I just finished reading an amazing book called The Last Of The Moon Girls, and there was a line right at the end that struck a chord with me:
The world has always been afraid of a singular woman. As it is of most powerful things.
These were the words penned from a Grandmother to her Granddaughter, in a letter after her passing.
As the title suggests, the family were a line of strong women; witches, who continued to pass down their magic and ritual work to the next daughter. They were discouraged from marrying, as to not dilute their craft, or lose their tradition.
This is something I’ve never personally witnessed or heard of: a woman actively encouraged to remain single.
Certainly not in my own life, and not in the lives of any women I know.
The world over appears to be afraid of the single woman.
Girls continue to be married off, when they’re not even legally able to have sex yet, to men they’ve never even met; sometimes for money, and other times under the pretences of religion.
And although the rest of us are lucky not to face extreme circumstances like that, the pressure to lose our single status still hangs heavily in the air. We have choices and freedom, although, are we really free and making choices of our own?
My mother tried to rush me into settling down and having kids. At 24, she told me it was already too late, and that I was likely to be left on the shelf.
She was no doubt repeating what her mother had said to her twenty years earlier. And even though following her mother’s advice led to her finding herself living a life she never truly wanted; she couldn’t help but try and continue that vicious cycle with me.
She forgot that I had watched her live out her mistakes my whole life. Marrying a man she never truly loved. Continuing to stay in an unhappy marriage out of fear of standing on her own feet. Devoting all her time and energy to her kids, and losing who she really was.
She forgot I wasn’t her. I wouldn’t allow myself to live a life that pleased others. And no matter how much I was poked or prodded or ridiculed, I was always going to go my own way; do my own thing. Always.
You may share similar experiences when it comes to relationships, marriage, and motherhood. Maybe yours look more like my mum’s than my own; I can’t say for sure.
Regardless, there is always this pressure we feel as women to lose our single status as quickly as we can. A weight resting heavily on our shoulders, reminding us we must find a man, settle down, and have children; all before the sand in the imaginary egg-timer runs out.
And if you don’t? If you choose to remain a singular, childless woman? The world looks down on you. The world pities you. You are judged, ridiculed, and cast aside by society. Just as the witches were all those years ago.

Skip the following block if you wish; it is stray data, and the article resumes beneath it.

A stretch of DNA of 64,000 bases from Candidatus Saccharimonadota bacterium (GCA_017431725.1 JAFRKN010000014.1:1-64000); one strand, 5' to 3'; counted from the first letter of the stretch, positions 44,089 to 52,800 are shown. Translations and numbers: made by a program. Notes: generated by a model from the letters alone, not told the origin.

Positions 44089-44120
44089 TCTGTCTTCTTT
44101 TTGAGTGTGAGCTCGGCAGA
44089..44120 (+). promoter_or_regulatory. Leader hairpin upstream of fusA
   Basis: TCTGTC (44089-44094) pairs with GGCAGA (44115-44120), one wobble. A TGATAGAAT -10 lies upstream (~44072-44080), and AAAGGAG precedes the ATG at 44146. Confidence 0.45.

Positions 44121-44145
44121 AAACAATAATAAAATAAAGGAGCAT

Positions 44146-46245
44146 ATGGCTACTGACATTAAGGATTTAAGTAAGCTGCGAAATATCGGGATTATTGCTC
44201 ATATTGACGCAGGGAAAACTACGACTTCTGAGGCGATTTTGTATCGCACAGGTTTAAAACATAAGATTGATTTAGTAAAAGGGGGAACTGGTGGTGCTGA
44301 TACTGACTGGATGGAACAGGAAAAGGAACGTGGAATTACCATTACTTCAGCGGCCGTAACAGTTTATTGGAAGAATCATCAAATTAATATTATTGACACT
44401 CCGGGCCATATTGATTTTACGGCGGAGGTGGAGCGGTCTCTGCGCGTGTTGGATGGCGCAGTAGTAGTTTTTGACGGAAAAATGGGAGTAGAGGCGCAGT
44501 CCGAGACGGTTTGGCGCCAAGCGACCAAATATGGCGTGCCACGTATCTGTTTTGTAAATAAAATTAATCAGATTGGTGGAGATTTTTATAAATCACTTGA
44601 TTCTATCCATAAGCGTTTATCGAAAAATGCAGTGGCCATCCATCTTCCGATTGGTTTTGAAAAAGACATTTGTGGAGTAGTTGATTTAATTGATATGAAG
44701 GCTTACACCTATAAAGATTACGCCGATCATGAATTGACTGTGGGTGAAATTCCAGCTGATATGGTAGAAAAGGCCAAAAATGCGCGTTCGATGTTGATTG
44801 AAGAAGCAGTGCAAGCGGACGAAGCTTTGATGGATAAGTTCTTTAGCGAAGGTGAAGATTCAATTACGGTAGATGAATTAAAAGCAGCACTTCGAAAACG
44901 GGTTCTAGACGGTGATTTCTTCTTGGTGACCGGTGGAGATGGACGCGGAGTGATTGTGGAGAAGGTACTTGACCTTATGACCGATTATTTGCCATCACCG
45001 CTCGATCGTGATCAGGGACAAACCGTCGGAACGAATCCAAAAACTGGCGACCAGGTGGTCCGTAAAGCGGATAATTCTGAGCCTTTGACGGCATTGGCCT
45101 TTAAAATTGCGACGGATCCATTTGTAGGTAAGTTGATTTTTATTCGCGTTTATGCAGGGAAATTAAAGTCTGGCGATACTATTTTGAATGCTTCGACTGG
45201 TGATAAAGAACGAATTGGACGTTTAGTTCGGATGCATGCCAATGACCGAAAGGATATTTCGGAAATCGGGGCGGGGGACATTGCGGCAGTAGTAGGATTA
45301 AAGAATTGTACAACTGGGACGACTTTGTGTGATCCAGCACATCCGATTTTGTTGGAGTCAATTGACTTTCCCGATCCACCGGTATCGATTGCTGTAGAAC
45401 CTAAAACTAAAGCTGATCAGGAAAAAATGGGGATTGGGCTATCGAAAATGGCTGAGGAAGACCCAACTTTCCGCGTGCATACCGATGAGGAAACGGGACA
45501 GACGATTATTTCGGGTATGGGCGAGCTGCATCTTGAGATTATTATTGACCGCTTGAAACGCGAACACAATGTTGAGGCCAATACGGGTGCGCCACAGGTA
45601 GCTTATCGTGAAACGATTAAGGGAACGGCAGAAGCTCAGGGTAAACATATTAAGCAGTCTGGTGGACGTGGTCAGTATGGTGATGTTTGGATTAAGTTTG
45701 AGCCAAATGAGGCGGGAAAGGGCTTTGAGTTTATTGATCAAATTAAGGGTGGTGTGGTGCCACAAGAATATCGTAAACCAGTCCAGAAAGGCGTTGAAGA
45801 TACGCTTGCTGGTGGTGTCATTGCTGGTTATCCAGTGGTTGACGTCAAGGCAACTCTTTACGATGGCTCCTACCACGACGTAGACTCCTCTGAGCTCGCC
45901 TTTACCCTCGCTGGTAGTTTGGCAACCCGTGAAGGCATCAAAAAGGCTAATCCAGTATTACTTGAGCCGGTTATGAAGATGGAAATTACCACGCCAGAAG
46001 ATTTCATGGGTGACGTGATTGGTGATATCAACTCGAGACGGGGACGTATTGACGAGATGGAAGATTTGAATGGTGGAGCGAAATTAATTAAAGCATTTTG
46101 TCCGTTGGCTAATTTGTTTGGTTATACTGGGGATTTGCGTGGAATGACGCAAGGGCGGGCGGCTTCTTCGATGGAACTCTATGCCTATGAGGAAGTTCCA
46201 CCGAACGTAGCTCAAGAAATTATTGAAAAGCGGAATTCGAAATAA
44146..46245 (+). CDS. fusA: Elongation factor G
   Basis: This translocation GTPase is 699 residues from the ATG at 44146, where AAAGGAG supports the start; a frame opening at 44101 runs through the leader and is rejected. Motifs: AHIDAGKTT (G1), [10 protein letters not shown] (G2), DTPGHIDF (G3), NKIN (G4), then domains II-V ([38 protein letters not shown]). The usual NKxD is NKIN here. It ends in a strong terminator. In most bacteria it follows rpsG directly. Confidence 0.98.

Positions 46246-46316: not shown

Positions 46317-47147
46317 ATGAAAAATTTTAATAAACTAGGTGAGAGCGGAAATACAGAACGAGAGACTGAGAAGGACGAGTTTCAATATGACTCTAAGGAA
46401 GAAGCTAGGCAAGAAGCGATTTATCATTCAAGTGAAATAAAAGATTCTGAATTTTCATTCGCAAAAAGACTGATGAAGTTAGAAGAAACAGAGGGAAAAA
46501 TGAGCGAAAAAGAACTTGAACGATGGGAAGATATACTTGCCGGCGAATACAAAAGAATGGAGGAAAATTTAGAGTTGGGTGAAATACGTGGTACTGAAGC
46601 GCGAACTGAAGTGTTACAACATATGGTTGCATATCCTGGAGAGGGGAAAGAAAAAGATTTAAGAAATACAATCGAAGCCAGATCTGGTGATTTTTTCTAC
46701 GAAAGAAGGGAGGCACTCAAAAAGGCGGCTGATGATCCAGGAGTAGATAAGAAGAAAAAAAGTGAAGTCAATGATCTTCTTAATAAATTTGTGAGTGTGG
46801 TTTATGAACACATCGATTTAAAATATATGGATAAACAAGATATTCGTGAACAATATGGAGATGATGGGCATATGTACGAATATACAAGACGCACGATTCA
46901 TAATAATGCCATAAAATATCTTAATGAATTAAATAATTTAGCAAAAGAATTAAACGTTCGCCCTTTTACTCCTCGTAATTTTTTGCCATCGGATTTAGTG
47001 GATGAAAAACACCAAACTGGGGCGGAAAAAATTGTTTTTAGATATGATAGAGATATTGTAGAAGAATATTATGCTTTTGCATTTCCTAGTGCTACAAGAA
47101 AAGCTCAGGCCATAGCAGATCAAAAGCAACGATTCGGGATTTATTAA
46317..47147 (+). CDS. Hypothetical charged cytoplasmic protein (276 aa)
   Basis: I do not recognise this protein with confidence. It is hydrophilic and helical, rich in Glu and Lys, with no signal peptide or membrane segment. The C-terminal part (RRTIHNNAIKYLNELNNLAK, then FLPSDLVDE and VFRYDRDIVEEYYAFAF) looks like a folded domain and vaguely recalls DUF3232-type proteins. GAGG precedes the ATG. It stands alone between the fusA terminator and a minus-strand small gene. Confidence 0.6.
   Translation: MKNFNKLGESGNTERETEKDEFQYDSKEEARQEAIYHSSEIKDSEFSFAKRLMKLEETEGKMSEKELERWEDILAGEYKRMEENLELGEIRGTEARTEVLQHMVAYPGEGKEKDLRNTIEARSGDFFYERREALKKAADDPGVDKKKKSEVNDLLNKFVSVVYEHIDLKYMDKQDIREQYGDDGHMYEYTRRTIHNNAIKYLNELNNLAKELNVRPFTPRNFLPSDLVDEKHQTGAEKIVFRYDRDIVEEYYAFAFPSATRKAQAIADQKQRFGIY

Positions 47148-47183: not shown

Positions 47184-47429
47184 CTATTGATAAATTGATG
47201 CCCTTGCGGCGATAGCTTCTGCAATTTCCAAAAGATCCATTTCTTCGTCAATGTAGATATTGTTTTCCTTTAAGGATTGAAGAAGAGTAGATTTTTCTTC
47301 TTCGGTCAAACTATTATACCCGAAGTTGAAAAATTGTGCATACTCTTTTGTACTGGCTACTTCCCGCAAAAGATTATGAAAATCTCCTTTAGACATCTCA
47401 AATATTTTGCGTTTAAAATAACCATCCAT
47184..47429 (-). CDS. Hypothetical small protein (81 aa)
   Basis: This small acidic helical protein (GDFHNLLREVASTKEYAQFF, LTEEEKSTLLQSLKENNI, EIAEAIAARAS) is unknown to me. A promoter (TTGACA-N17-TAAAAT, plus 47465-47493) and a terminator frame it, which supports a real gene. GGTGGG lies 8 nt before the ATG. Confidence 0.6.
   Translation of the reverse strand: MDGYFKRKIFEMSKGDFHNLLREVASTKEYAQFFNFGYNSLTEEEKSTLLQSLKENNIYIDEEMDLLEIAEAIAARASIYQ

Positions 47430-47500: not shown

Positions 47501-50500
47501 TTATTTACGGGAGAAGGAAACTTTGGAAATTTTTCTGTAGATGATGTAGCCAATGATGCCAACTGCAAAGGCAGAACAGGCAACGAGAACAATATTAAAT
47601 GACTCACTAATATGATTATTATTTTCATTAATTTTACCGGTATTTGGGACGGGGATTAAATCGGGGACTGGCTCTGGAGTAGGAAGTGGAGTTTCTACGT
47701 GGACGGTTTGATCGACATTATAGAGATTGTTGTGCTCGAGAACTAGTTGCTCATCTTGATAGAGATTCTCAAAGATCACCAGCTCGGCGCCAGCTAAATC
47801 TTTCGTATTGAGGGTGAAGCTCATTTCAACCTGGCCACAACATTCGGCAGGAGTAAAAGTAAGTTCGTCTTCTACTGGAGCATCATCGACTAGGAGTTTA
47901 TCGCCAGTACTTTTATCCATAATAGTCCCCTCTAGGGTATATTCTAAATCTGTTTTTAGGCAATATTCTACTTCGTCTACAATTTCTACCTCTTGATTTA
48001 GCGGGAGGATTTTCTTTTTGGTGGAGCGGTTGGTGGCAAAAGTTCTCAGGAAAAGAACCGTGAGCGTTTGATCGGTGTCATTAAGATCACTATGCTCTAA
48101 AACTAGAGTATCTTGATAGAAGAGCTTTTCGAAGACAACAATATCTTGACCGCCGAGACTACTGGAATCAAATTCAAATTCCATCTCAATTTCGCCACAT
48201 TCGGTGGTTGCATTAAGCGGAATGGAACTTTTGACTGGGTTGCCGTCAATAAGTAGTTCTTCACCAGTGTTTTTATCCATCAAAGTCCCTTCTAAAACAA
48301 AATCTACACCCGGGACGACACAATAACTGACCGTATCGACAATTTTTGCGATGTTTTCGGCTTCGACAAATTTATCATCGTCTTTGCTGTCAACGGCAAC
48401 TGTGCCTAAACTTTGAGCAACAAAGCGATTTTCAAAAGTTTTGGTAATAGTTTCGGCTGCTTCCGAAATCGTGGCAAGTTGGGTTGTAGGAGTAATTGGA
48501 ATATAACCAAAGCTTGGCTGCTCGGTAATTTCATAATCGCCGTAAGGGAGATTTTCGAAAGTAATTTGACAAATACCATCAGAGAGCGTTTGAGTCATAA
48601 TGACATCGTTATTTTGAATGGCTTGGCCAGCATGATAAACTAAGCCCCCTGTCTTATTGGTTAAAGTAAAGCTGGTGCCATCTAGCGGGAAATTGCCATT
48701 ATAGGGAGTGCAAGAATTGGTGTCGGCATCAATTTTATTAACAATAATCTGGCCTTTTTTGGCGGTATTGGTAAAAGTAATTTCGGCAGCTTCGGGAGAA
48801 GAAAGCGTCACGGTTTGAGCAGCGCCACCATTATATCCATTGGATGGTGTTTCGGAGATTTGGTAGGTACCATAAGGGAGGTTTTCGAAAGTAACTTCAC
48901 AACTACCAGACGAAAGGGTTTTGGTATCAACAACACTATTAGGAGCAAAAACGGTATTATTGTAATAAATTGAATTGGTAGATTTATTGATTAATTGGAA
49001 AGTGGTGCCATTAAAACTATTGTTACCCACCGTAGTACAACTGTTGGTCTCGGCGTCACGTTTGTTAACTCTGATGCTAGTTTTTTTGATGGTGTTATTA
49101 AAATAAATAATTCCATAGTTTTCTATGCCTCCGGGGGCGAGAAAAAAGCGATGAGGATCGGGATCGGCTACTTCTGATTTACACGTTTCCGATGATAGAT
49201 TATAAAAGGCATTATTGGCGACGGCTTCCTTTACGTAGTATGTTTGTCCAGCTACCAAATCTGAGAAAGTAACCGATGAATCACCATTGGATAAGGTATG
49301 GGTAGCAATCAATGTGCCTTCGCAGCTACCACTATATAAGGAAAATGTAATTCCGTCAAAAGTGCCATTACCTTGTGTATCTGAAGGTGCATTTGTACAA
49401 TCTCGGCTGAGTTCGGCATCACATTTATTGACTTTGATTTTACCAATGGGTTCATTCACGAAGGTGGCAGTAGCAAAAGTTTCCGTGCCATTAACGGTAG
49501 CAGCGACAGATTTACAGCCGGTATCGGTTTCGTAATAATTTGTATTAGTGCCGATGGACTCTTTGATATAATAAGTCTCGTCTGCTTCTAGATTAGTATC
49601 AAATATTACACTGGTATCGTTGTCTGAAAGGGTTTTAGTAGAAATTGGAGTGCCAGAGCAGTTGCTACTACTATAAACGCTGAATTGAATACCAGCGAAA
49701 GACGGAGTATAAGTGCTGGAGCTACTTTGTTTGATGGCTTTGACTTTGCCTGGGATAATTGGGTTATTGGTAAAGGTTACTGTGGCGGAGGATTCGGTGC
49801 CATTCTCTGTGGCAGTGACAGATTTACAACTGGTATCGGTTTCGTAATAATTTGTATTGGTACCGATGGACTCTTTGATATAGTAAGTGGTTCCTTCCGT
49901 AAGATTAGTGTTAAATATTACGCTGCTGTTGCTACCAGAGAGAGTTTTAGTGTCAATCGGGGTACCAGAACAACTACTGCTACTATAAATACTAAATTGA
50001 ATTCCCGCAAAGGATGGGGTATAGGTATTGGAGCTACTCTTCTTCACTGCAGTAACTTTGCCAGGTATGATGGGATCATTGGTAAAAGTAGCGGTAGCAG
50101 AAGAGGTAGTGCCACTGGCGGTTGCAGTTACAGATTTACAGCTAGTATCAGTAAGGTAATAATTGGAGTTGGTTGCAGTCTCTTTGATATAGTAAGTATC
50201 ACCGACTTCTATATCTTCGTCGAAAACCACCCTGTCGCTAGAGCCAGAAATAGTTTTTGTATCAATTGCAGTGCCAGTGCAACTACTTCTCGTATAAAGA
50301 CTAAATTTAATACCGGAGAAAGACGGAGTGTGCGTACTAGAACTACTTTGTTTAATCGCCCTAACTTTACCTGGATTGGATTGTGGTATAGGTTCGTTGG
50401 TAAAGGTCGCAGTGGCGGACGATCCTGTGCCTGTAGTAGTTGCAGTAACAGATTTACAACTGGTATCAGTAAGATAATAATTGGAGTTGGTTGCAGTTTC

And you might think this is because there’s genuinely something wrong with you. Society might have done such a good number on you (as they did with me) that you truly believe you’re living a half life; one void of the joys and abundance of being a woman.
But there is nothing wrong with you.
The truth is, the world is afraid of the single woman.
One who is not kept or tamed by a man. A woman who roams the world, wild and free, answering to no one but her divine self. A woman who adorns her body how she wants; who says yes and no and changes her mind as she pleases. A woman who prioritises her own needs and pleasure, and will ask for what she wants in bed. A woman who knows just how fucking powerful she is, and how fucking powerful women have always been.
This is the danger of a single woman. She poses a threat to the way things have been for the past 2000 years. And it’s her power that people are afraid of. So they do their best to keep her from it.
To keep her living small, and hushed, and in the shadows of a man. Any man, it doesn’t really matter, so long as she’s tied down and she reproduces.
But you were not born to live in the shadows. You were not born to be one half of a whole. And your worth is not measured by the diamond ring on your finger, or the baby nestled in your arms.
So if you’re single, and you feel pressure or shame or fear, it most likely does not belong to you.
It is the world who is afraid of the single woman. And this fear, this shame, and this pressure is not yours to carry.
It originated thousands of years ago, when a group of people decided that a woman’s power needed to be kept from her, and tightly controlled.
And slowly, over time, your connection to your power was severed.
But it’s still there. Your power is still there, roaring inside you, waiting for you to rightly reclaim it.
So don’t rush to say goodbye to single life, or walk down the aisle, or become a mother. Take your time with all of these things. If you want them, I mean, if you truly want them when you look into the depths of your soul, then invite them in.
But if you don’t? Let them melt away. Give yourself permission to say thank you, but no thank you, this is not meant for me.
Let go of the fear, the shame, and all the pressure. And get comfortable with the world being afraid of you, and the power of a single woman.